You like him, you like his friends, you like his moves in the bedroom. Then he sits you down and tells you that he has bipolar disorder.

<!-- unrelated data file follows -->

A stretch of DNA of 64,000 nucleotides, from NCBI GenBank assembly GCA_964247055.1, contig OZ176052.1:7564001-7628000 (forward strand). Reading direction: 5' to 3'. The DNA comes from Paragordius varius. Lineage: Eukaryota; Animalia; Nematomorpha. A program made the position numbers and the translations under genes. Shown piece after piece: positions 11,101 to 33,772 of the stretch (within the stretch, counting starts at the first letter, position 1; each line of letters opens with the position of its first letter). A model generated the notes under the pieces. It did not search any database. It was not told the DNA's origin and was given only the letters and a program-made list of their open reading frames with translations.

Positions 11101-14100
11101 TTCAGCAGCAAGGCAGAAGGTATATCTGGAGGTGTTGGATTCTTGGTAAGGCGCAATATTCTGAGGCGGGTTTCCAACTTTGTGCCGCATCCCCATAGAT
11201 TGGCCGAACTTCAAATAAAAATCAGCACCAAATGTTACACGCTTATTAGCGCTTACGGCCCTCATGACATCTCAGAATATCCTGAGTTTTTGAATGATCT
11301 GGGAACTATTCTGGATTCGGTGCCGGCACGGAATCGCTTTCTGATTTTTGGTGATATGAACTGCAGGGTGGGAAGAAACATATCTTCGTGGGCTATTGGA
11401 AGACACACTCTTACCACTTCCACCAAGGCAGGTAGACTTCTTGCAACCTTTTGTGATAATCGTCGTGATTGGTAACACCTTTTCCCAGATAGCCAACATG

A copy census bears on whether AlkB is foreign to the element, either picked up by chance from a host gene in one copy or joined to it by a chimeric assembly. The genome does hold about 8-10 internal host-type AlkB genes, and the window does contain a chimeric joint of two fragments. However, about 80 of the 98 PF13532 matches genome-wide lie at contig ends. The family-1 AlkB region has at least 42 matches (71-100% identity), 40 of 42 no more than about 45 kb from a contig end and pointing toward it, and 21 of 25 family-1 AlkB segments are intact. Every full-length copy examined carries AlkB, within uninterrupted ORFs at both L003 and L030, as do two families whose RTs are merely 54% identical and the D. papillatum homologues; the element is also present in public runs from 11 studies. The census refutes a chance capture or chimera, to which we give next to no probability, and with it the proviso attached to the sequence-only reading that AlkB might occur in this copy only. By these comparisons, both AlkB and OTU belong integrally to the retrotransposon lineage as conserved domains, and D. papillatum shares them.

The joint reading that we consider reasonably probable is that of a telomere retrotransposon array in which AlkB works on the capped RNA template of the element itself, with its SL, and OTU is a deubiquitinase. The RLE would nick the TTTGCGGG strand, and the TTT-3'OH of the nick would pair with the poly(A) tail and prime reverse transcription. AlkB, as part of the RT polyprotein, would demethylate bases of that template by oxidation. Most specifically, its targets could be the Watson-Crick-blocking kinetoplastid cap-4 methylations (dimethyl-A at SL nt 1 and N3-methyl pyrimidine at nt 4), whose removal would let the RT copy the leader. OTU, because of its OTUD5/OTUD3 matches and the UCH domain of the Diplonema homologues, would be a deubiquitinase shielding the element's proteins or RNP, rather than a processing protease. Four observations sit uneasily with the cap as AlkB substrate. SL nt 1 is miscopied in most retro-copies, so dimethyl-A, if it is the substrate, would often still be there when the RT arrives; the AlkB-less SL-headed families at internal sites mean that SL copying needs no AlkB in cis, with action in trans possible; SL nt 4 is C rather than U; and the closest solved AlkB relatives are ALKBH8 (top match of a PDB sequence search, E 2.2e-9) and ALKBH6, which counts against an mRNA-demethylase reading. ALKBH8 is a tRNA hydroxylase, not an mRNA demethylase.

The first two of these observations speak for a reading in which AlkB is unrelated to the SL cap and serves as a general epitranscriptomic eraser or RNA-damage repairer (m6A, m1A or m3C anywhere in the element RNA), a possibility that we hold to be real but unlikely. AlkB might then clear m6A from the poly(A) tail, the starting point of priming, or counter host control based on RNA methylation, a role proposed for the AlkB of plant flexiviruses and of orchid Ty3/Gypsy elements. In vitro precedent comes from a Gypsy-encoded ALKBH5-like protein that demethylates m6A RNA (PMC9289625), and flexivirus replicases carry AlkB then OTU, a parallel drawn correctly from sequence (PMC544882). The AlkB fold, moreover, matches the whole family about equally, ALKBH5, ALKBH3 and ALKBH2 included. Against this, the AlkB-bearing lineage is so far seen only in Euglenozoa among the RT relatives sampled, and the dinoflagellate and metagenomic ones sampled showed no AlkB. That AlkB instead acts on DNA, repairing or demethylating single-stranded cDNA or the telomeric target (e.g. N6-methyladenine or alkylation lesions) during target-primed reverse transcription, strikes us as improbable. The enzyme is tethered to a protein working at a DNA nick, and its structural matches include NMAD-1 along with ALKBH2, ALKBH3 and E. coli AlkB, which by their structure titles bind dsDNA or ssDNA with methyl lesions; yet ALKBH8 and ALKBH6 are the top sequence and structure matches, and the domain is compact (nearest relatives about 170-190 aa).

The human habit of overestimating other people's happiness is nothing new, of course.We’ve been through all that therapy, and we’ve spent more than one session learning how to regulate our emotions.So say what you mean and how you feel, and we’ll figure out how to react.So remember Montesquieu, and, if you're feeling particularly down, use Facebook for its most exalted purpose: finding fat exes.So imagine that you’ve been seeing a man for a few months, and things are going great.For one thing, the site is inhabited by more women than men, and women users tend to be more active on the site, as Forbes has reported.According to a recent study out of the University of Texas at Austin, while men are more likely to use the site to share items related to the news or current events, women tend to use it to engage in personal communication (posting photos, sharing content "related to friends and family").(The book's broader theory is that technology, despite its promises of social connectivity, actually makes us lonelier by preventing true intimacy.) , women's happiness has been at an all-time low in recent years.O'Rourke and two University of Pennsylvania economists who have studied the male-female happiness gap argue that women's collective discontent may be due to too much choice and second-guessing–unforeseen fallout, they speculate, of the way our roles have evolved over the last half-century.By showcasing the most witty, joyful, bullet-pointed versions of people's lives, and inviting constant comparisons in which we tend to see ourselves as the losers, Facebook appears to exploit an Achilles' heel of human nature.And women—an especially unhappy bunch of late—may be especially vulnerable to keeping up with what they imagine is the happiness of the Joneses.